Where most people saw a lonely two-lane highway between Interstate 94 and the town of Regent, N.D., Gary Greff saw salvation for his disappearing home town.
In the past decade, Regent has lost one-quarter of its population. Just 200 residents remain, along with a handful of businesses — a cafe, a bar, a small grocery store and a few others. Regent is typical of many rural Midwest towns in danger of disappearing completely as young people leave for cities and those who stay grow older.
Greff left his hometown when he was a teenager — like so many others — and became a teacher and principal in cities across the Midwest. But he quit at the age of 40 and returned home to Regent, and in 1992 hatched his plan to save the town.
His vision? To build 11 of the world's largest metal sculptures, and space them along the 30-mile road from the interstate to Regent. Tourist dollars and new businesses would follow the route, and keep Regent alive.
"Our goal is to change Regent into the metal art capital of the world," Greff said when trying to persuade his neighbors to contribute to the cause. "If nobody tries, we are a community that's going to be extinct. I'm one person who will not let that happen."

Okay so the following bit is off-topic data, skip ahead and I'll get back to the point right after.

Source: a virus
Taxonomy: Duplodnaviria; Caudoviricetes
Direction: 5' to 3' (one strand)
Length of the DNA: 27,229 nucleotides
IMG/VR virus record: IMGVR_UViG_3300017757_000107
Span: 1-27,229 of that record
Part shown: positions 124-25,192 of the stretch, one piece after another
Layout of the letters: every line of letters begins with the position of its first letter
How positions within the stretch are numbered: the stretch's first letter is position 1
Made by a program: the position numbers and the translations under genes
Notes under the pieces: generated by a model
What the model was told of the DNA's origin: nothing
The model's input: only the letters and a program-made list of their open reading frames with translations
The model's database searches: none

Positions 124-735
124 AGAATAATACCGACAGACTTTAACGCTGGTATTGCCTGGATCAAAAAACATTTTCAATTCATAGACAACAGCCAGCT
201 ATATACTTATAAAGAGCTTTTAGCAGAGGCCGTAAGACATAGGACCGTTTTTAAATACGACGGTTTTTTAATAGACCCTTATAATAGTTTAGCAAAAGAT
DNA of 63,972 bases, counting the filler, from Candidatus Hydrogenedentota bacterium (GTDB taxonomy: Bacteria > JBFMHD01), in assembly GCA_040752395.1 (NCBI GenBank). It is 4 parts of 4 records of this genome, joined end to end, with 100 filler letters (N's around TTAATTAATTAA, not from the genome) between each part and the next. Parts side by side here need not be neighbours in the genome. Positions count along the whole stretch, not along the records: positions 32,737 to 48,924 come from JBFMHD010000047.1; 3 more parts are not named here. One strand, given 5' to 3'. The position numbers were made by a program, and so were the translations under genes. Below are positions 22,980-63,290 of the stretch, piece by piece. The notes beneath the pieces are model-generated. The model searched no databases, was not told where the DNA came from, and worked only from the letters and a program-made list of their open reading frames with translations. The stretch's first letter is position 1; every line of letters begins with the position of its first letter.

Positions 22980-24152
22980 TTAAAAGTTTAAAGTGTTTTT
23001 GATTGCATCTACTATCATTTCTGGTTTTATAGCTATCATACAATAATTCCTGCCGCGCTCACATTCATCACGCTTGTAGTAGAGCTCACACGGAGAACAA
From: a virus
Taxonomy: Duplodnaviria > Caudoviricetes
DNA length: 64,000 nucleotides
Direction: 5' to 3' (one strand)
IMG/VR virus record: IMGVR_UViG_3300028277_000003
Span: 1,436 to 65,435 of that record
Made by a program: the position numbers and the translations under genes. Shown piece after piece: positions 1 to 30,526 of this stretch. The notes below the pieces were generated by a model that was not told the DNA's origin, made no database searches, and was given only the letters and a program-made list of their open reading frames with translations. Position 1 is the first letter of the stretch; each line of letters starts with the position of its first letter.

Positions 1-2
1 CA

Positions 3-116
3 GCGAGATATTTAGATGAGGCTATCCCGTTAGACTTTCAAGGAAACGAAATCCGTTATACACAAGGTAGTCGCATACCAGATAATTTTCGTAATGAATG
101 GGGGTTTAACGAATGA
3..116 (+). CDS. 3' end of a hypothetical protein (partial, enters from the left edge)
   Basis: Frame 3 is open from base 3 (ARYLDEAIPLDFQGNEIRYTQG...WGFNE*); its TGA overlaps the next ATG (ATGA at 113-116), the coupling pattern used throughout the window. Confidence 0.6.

Inspired by a small sculpture made out of tin cans, Greff drew up plans to create a giant tin family. The scale was huge — the father's baseball cap alone is the size of a Volkswagen Bug.
The town was hesitant at first, but soon rallied around the idea and raised about $8,000. Volunteer farmers pitched in to weld the massive metal family, and pretty soon the first sculpture was in place.
On Tuesday, the three-part series continues with the story of why the town of Regent has turned against Greff's Enchanted Highway project — and why he keeps building sculptures despite the opposition.